Unlike Samson who joined wild elephant herds in the mid 1960's, Eleanor chose to remain behind as the self-appointed matriarch of the Tsavo herd which comprised of various orphaned animals including Kanderi, Aruba and Raru. Eleanor shared with Daphne a great deal of heartbreak during the years of trial and error when Daphne battled to unlock the mystery of how to raise milk dependent infant elephants
Rampant poaching of elephants, for their ivory, continued in the 1970’s leaving behind hundreds of orphans, many of them milk dependent. Until this point, however, no milk dependent infant had survived infancy as the composition of suitable milk fats had not yet been discovered.
Also known as ‘Shmetty’, Aisha arrived in the care of Daphne and David in 1974. A tiny calf who had fallen down a disused well in Marsabit, Northern Kenya, she was just days old and completely milk dependent. Despite a suitable formula not yet known or available, nonetheless, Daphne persevered and, after trialing a formula that contained coconut fats, found success. By guiding Aisha through her fragile first months, Daphne learned that an orphaned infant needs constant care and stimulation but, most importantly, this must be a role that is shared equally among several persons.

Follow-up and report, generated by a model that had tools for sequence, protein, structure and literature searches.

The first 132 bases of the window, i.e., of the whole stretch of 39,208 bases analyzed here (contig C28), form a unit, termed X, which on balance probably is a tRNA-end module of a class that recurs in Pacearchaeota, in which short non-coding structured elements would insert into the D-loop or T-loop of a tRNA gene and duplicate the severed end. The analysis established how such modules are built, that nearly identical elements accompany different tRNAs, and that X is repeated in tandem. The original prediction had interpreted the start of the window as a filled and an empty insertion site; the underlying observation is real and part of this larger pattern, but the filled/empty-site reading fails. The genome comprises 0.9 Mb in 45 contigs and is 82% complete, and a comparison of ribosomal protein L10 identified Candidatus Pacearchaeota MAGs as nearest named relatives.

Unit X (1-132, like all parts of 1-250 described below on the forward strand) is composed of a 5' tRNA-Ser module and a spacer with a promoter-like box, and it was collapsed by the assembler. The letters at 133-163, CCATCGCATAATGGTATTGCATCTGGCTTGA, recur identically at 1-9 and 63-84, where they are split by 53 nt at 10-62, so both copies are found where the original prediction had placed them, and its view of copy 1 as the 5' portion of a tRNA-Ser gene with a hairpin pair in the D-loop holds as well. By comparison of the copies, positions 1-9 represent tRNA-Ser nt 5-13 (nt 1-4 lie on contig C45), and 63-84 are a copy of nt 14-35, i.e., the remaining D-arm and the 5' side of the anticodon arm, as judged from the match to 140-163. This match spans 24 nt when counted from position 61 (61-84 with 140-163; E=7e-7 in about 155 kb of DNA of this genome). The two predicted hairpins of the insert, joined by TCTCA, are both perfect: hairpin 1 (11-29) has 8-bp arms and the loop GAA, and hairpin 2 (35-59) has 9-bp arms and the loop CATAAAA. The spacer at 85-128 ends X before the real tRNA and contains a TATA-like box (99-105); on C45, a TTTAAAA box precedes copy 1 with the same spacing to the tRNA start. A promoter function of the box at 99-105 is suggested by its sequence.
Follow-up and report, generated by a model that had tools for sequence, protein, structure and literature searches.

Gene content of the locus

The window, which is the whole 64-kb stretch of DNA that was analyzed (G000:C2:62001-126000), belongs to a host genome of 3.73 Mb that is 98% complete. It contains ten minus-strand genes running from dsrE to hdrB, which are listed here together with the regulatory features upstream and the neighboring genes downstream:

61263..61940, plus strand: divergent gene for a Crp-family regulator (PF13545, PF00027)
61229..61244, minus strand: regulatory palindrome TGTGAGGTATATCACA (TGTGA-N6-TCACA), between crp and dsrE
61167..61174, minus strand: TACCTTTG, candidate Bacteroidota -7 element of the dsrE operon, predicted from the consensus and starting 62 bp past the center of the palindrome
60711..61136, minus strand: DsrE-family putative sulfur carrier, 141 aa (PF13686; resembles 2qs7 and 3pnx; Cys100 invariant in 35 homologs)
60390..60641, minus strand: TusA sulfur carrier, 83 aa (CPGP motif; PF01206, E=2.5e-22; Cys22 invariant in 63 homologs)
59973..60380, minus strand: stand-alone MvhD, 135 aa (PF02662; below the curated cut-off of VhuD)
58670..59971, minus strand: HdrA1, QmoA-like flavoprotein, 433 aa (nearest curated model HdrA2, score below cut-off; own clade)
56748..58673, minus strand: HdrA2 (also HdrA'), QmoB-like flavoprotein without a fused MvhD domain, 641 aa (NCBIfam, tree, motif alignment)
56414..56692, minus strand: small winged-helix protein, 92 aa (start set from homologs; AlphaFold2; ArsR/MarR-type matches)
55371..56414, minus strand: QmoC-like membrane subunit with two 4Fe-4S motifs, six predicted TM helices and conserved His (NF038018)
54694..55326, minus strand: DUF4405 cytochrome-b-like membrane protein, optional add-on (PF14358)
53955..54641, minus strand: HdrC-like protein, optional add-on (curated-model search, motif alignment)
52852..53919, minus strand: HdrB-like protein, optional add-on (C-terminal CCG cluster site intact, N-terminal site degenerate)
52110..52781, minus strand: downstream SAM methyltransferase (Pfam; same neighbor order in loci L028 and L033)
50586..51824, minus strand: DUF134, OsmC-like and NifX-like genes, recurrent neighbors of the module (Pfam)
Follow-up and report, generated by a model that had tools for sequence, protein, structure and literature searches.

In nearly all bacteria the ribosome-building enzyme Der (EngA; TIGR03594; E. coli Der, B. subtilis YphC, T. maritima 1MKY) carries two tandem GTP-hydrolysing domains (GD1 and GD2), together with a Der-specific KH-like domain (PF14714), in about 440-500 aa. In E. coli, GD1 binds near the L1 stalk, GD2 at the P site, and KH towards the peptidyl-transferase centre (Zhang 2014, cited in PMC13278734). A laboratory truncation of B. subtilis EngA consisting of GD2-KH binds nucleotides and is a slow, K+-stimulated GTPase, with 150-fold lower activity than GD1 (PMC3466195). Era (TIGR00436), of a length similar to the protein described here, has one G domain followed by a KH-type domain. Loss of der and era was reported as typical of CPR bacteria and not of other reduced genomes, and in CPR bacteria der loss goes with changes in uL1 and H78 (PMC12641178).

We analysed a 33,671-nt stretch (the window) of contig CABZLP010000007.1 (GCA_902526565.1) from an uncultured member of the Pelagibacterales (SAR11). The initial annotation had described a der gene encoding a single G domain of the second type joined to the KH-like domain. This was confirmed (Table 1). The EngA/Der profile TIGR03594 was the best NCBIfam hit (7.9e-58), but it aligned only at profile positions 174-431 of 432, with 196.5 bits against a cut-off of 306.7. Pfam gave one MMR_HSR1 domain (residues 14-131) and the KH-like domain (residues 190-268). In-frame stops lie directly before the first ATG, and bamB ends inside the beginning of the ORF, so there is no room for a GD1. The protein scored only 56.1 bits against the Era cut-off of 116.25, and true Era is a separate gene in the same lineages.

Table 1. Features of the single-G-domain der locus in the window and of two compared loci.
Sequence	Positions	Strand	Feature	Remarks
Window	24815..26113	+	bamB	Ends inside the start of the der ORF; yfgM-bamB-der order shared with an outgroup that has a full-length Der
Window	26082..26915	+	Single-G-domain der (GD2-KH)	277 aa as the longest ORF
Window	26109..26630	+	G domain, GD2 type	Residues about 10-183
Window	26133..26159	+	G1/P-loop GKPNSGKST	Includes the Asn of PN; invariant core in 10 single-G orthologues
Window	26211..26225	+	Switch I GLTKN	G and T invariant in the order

Very sadly, this last lesson was learned too late after Daphne traveled across the country for her daughter’s wedding, leaving Aisha in the care of a ‘surrogate’ mother. In the week that Daphne was absent, Aisha sank into a deep depression and became desperately ill, passing away when Daphne returned. Through caring for Aisha, Daphne learned that many of the psychological traits of elephants were similar to humans and that the replication of a ‘family’, as opposed to one main carer, was vital if an orphan was to thrive.
An orphan of drought, Sobo was rescued after she was found standing forlornly beside her dead mother in the burning heat, desperately drawing reserves of water from her stomach to spray over her body. When she was four-years-old, in a stroke of luck, she miraculously reunited with her former herd at a watering hole, proving the old proverb true that ‘an elephant never forgets’.
As the world slowly woke up to the devastating impact of the ivory poaching crisis, the Trust was busy hand-raising its first orphans as an organisation, soon building our very first orphan stockade.